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CHANGES IN LATITUDE: Evolution, Diversity and Ecology of the Baja Peninsula

Published June 15th, 2023 in Restoration, UW Blogs

By Ken Carloni

This month’s issue of 100 Valleys introduces a new occasional column on the spectacular natural history of the Baja Peninsula: Changes in Latitude. It is written by botanist/ecologist Ken Carloni who has made numerous trips to this unique and enigmatic strip of our planet over the last 25 years. Ken and his wife Jenny first discovered Baja on tours with the Green Tortoise Adventure Travel company beginning in 1998, and led student classes there during spring breaks for the last 3 years Ken taught an Umpqua Community College course: “Evolution, Diversity and Ecology of the Baja Peninsula”. Students were guided through tide pools by marine biologists from the Universidad Autónoma de Baja California in Ensenada, patted gray whale calves from a panga in Laguna Ojo de Liebre, gazed in awe at 10,000 year old rock art in the Central Desert, snorkeled with colorful reef fish in the azure waters of Bahia Concepcion, explored an arroyo that blasted its way through a fossilized coral reef near Punta Chivato, and walked through snowy pine forests reminiscent of southern Oregon on Picacho del Diablo, Baja’s tallest peak.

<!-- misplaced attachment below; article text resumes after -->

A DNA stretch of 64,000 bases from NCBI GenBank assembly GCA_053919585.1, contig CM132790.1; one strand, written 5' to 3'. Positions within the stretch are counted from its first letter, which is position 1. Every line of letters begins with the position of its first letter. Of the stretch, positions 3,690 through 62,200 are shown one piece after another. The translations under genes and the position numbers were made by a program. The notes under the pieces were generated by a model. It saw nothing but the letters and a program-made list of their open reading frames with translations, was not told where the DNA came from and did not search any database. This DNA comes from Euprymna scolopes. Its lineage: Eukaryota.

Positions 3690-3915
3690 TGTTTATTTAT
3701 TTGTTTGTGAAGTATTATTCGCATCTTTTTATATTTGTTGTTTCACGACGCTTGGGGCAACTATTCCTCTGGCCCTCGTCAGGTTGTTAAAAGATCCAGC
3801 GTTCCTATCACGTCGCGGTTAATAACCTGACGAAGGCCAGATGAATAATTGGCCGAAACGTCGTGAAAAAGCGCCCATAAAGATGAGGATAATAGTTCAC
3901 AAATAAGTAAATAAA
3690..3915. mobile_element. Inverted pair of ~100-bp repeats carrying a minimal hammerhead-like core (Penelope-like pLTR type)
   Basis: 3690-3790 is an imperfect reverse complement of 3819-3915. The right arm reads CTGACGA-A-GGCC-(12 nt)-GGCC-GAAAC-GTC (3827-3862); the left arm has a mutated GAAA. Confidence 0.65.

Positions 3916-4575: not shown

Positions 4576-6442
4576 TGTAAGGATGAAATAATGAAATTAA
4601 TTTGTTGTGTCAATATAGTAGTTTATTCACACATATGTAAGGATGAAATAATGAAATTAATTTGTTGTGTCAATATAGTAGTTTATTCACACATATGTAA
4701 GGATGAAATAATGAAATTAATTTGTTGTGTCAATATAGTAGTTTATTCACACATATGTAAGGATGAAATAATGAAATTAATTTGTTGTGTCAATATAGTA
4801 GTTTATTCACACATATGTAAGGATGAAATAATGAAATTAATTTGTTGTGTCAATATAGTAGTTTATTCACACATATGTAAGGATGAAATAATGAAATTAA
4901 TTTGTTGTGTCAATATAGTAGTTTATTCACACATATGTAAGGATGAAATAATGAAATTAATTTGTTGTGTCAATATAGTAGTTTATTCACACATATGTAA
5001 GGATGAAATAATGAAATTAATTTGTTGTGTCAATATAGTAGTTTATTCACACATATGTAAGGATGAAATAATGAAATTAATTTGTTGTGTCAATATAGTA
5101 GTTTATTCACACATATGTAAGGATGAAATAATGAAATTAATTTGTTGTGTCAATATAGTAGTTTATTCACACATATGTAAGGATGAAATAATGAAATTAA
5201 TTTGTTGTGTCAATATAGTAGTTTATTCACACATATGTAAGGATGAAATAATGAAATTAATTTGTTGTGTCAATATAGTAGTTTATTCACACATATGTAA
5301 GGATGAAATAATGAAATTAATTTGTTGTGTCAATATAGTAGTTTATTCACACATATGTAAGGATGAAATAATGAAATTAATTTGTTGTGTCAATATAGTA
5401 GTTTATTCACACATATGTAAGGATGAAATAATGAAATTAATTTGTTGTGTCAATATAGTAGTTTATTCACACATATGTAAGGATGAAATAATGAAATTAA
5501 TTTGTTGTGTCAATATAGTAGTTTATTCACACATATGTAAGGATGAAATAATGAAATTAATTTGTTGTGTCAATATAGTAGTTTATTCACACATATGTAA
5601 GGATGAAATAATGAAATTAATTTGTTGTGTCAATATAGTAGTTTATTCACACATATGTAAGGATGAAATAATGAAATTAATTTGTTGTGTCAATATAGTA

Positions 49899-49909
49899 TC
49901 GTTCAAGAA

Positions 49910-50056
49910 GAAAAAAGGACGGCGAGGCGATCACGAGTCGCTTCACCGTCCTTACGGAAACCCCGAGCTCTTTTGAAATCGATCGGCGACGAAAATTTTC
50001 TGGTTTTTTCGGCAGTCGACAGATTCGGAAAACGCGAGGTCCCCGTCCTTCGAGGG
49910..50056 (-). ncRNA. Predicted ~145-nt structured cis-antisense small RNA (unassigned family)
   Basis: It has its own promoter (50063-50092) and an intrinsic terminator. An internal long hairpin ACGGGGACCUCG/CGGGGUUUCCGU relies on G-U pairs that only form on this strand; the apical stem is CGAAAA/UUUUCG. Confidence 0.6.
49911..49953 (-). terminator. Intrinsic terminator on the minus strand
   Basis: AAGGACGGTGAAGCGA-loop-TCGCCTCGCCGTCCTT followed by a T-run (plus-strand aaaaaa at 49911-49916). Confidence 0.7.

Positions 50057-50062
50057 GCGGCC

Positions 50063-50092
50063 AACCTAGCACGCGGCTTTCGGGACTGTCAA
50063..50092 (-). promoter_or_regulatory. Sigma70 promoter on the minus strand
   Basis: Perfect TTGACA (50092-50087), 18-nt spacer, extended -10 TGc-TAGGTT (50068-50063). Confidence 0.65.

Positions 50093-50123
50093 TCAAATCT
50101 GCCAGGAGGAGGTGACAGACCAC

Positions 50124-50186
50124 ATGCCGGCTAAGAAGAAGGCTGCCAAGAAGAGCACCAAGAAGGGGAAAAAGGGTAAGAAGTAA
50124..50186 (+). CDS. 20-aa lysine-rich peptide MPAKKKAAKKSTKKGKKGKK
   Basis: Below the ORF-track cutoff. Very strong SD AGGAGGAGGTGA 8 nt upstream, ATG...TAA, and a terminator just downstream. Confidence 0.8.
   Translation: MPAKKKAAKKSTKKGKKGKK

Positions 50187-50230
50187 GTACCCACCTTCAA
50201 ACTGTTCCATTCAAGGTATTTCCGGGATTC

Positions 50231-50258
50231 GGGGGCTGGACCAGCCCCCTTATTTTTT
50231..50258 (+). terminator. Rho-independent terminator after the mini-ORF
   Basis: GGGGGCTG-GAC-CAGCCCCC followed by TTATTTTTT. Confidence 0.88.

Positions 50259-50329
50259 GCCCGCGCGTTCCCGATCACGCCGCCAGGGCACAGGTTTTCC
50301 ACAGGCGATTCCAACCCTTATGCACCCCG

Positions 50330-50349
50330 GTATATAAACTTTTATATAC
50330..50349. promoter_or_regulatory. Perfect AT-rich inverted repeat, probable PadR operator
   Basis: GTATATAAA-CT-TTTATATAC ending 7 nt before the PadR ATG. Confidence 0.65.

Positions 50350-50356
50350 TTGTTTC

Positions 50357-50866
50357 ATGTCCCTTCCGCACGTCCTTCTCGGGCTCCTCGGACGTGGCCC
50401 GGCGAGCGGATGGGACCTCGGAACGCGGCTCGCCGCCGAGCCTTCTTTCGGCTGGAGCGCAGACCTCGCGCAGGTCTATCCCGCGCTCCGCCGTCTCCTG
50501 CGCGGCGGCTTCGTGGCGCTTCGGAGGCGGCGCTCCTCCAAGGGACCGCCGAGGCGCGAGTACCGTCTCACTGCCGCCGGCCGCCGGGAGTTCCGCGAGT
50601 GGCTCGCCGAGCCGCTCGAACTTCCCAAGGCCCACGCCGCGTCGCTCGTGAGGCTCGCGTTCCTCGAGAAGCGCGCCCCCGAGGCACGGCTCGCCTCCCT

This issue’s installment, Super Bloomin’, walks you through a rare desert “super bloom” that Ken and Jenny came across in late February in the southern reaches of the Valle de los Cirios Biosphere Reserve (“Valley of the Candles”) in Baja’s Central Desert. Umpqua Watersheds hopes to soon revive edutours in partnership with the Green Tortoise. Stay tuned to this newsletter and to Watershed Moments emails for opportunities to join us on future eco-quests!



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